Recently the Tax Foundation, a Washington, DC-based organization, issued a report on U.S. energy subsidies with misleading information on incentives for wind and solar.
The report correctly points out that after more than 90 years, the highly profitable fossil fuel industries continue to receive billions in government support. In 2009, Management Information Services, Inc., found that more than $525 billion of taxpayer dollars have gone to oil, gas and coal since 1950 (MISI, 2008, http://www.misi-net.com/publications/2008energyincentives.pdf)
Taxpayers' money continues to be wasted on dirty energy handouts today. For example, the Government Accountability Office found in 2007 that fossil fuel-generated electricity received five times as much in tax incentives ($13.7 billion) as renewable electricity ($2.8 billion) between 2002 and 2007. (GAO, 2007 http://www.gao.gov/new.items/d08102.pdf)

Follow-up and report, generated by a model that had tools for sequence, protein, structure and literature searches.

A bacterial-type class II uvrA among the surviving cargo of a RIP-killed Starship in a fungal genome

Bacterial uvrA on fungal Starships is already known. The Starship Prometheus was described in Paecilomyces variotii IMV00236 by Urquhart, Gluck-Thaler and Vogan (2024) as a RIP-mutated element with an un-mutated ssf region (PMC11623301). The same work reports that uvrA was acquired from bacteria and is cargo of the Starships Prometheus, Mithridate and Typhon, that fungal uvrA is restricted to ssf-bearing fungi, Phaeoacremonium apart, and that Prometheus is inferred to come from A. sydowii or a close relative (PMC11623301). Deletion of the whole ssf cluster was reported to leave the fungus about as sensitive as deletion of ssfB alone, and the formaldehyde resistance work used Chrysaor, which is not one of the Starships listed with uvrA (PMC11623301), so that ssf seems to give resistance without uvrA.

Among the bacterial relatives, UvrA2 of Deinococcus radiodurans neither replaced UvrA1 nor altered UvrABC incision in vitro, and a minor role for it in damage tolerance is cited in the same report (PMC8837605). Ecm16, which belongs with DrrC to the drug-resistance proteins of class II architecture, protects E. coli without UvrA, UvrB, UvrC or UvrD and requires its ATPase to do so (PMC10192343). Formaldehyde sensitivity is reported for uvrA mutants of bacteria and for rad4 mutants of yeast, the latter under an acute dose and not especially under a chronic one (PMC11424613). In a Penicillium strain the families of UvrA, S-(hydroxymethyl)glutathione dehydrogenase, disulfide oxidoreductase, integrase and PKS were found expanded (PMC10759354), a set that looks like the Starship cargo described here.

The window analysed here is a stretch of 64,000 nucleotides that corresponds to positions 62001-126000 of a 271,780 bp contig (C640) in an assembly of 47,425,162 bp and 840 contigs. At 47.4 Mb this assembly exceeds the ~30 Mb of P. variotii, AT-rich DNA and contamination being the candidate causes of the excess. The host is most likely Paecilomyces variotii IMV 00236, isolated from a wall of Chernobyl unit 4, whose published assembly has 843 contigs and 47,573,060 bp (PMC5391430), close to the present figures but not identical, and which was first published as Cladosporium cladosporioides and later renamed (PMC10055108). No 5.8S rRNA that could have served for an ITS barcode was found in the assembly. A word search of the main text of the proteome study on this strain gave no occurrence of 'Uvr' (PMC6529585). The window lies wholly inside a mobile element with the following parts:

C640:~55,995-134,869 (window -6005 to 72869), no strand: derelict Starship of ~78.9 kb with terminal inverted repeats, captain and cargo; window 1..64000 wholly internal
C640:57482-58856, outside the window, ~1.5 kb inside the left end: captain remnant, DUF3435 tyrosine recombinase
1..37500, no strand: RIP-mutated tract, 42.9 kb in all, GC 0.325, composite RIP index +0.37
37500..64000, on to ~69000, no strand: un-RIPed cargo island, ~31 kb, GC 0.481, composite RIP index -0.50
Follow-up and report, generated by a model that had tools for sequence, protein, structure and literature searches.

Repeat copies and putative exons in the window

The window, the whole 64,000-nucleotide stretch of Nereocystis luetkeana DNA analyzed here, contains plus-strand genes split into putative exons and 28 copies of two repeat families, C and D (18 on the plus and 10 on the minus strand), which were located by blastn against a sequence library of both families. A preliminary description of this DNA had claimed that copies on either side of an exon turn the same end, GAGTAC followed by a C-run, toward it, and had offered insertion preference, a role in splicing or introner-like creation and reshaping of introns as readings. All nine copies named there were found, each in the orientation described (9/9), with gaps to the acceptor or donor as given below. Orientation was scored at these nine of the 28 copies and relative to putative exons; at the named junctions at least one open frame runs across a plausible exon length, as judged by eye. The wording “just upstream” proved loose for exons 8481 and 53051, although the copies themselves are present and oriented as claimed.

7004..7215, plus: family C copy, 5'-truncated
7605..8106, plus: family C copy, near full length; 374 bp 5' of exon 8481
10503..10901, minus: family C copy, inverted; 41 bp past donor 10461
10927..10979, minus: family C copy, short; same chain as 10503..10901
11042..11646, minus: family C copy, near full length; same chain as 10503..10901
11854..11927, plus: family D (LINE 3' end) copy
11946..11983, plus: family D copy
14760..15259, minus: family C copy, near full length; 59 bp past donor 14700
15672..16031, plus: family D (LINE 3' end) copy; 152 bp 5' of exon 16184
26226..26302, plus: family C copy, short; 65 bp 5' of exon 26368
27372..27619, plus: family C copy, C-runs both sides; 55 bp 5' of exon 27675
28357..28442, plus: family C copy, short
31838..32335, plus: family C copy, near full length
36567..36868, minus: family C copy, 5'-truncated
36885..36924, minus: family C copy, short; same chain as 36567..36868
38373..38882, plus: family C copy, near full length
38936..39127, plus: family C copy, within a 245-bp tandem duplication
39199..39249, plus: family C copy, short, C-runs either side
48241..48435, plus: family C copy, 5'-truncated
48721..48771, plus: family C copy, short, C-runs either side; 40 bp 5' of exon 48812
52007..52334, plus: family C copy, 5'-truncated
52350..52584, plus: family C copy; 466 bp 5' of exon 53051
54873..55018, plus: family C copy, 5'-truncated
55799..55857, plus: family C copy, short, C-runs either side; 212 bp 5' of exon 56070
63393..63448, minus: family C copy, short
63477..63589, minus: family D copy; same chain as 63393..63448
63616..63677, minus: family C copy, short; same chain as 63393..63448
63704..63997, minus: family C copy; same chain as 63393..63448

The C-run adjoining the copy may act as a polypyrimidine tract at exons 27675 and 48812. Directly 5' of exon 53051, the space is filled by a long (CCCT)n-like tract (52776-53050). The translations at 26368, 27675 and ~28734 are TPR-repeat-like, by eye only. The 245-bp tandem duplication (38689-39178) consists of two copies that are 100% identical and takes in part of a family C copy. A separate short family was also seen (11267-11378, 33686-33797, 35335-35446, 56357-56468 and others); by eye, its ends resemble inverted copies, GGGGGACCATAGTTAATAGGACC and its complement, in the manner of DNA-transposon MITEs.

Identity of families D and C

Dirty energy also carries large “hidden costs,” which amount to indirect subsidies. The National Academy of Sciences, for example, found coal’s hidden subsidy to amount to a cool $60 billion each year—without taking impacts from climate change into account.
While the Tax Foundation report said annual subsidies for renewable energy sources “like wind and solar” total $11 billion, the fact is, according to a recent report from the Congressional Research Service, that the majority of that amount actually went to biofuels.
Wind, solar and other renewable electricity incentives made up a small percent of energy tax incentives in 2007, while providing over 40% of all new electricity in the U.S., paying millions of dollars to farmers, ranchers and rural communities, and spurring the opening of hundreds of new manufacturing facilities.
(According to SourceWatch, the Koch Foundation, affiliated with the private oil & gas giant Koch Industries, is a funder of the Tax Foundation, and a representative of the Koch Foundation was Chairman of the Tax Foundation's Board as of March 2009.)